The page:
St Mary Redcliffe in Bristol has unveiled four contemporary stained-glass window designs celebrating Bristol’s rich multicultural past and present, including a dedication to the Bristol Bus Boycott.
During a day celebrating the 60th anniversary of the boycott, the new panels were unveiled, replacing the original replaced its stained-glass, which commemorated windows commemorating slave-trader Edward Colston.
A boycott of Bristol’s bus network ended in August 1963 after the then-operator finally gave way to protestors’ demands, allowing Black and Asian people to be employed as drivers and conductors after they were initially banned. This pivotal moment paved the way for today’s Race Relations Act, which made racial discrimination unlawful in public places.
A competition was launched in 2021 to find new imaginative designs to reflect the question that prompted Jesus to tell the story – ‘Who is my neighbour?’ Consequently, the new window panels, which depict Jesus “in multiple ethnicities to counter the Anglo-centric narrative of ‘white Jesus’” were designed by local doctor, Ealish Swift.
The panels were unveiled after a moving ceremony at St Mary Redcliffe, featuring pop-up poetry from Miles Chambers, a demo by those involved in the Bristol Bus Boycott and their descendants, gospel singing from the Renewal Choir, ballet from the Southwest Dance Centre, and speeches from Rob Pym, commercial director of First Bus, the Rt Rev Vivienne Faull, Rev Dan Tyndall and Deputy Lord-Lieutenant Rev Richard Pendlebury. A First Bus decorated in honour of the Bristol Bus Boycott, was also unveiled shortly after the service, as bells rang out from the church.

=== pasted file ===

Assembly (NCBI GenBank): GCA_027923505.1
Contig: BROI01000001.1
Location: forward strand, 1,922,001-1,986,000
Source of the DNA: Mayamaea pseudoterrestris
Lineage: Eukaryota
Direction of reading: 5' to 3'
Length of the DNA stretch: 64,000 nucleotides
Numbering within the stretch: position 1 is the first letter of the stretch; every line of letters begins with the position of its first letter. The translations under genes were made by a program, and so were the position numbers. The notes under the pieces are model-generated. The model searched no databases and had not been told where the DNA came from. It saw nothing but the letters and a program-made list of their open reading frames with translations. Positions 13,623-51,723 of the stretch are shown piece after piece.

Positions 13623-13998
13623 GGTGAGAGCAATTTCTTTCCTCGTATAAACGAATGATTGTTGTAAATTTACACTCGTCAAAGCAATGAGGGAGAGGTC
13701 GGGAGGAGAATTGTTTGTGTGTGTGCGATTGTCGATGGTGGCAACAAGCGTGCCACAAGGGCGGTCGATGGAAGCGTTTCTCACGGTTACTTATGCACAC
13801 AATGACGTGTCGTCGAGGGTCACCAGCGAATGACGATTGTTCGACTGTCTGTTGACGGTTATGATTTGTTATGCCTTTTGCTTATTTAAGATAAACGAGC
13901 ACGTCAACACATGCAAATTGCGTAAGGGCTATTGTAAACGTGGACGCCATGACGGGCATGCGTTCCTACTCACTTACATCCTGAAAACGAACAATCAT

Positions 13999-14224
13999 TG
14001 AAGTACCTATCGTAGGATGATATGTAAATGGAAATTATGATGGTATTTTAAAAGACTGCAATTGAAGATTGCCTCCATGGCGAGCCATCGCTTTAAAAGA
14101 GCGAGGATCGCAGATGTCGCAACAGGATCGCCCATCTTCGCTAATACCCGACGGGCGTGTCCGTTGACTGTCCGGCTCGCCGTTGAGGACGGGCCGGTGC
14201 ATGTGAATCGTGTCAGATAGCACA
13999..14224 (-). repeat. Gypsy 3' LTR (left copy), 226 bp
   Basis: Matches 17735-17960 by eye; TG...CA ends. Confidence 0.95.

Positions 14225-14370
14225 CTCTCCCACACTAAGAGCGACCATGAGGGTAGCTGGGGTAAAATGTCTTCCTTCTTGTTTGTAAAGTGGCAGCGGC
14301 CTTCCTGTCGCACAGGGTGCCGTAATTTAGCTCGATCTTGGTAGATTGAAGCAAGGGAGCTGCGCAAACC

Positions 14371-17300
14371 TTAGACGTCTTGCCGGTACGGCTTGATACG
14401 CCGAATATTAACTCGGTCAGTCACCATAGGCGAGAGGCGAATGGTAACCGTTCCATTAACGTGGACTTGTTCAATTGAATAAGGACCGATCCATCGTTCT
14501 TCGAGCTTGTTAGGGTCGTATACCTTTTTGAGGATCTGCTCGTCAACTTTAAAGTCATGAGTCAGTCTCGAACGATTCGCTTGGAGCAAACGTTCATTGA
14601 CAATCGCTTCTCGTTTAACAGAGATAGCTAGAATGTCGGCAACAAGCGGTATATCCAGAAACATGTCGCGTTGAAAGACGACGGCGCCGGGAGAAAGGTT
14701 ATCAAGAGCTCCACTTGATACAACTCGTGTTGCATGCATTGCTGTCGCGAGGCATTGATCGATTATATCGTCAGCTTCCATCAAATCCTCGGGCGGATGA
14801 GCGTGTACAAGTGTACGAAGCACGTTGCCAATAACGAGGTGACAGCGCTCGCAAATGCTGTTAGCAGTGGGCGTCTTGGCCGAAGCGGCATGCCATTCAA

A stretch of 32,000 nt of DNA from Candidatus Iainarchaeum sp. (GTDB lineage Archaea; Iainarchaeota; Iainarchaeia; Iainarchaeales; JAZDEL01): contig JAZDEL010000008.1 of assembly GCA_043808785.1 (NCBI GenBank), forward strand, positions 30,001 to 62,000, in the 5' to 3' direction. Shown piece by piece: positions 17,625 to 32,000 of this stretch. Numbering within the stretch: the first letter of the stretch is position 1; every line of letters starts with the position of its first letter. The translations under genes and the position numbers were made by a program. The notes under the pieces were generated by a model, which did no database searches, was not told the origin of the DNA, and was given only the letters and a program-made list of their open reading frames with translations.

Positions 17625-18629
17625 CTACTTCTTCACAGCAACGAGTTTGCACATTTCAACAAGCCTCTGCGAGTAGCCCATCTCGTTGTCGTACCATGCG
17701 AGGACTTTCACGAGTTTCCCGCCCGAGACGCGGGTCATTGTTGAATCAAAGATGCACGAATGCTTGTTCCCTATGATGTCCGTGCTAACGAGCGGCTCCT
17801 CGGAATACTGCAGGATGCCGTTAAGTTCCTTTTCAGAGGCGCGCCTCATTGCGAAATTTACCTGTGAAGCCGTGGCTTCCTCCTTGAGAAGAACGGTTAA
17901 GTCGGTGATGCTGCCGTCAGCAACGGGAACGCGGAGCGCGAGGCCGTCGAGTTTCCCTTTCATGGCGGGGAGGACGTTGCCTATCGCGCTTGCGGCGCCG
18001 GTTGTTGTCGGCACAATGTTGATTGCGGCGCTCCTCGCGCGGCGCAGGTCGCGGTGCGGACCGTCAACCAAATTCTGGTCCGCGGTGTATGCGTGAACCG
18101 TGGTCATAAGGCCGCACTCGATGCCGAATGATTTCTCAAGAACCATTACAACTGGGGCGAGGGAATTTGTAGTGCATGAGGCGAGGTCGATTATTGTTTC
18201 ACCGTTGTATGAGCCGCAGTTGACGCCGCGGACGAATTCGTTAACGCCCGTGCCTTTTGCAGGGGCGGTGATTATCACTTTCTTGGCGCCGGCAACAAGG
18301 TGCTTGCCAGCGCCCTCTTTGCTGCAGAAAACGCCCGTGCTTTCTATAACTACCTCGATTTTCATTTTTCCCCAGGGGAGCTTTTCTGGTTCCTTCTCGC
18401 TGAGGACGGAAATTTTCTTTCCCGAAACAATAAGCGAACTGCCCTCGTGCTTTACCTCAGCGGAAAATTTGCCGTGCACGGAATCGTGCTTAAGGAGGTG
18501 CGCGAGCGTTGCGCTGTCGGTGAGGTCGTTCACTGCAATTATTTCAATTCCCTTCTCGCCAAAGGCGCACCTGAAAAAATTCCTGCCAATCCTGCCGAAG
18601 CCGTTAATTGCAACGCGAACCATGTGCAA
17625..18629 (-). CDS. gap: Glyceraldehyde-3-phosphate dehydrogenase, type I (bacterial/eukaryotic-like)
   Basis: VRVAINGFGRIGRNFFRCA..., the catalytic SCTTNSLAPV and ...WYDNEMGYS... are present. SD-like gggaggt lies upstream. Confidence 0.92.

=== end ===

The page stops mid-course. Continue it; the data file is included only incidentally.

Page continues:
A highlight of the day was the panel discussion led by Julz Davis on ‘Why the Bristol Bus Boycott mattered then, and now!’ The panel, which featured conversation from Vernon Samuels, Olympian, and son of first black bus conductor, Sharon Foster, High Sheriff of Bristol, and Councillor Amriah Cole, was followed by a moving ceremony where pioneers of the Bristol Bus Boycott were thanked by representatives from varied industries and institutions from across the region. Each pioneer – or a representative for the family - was given a card, filled with thanks from people around the city. The ceremony started with Guy Reid-Bailey, who sparked the Bristol bus boycott and then fought to desegregate housing the and included daughter of Roy Hackett, who passed away in August 2022, amongst many others.
Speaking about the unveiling of its specially designed stained-glass window, Canon Dan Tyndall, Vicar of St Mary Redcliffe Church said: “We are delighted to have hosted such a significant event for the city. The new designs, replacing those dedicated to the slaver Edward Colston, focus on the question ‘And who is my neighbour?’ It is a timeless question we are continually asking ourselves as we seek to be open and inclusive to everyone; and, it seems to me, to have been at the heart of the Bristol Bus Boycott.”
The window panels were removed after a statue of Colston was toppled in the centre of Bristol in 2020 following the death in the USA of George Floyd. Permission was granted by The Consistory Court of The Diocese of Bristol to replace the windows with Justin Gau, Chancellor of the Diocese, Sating: “The Church of England and the historical behaviour of this parish Church in excusing the life of Colston have a journey of repentance to make. To excuse or ignore the slave trade is a sin. To encourage parishioners to look at a memorial to a slave trader and to be encourage to ‘Go thou and do likewise’ is not only grotesque but entirely contrary to the Gospel command to love one another.”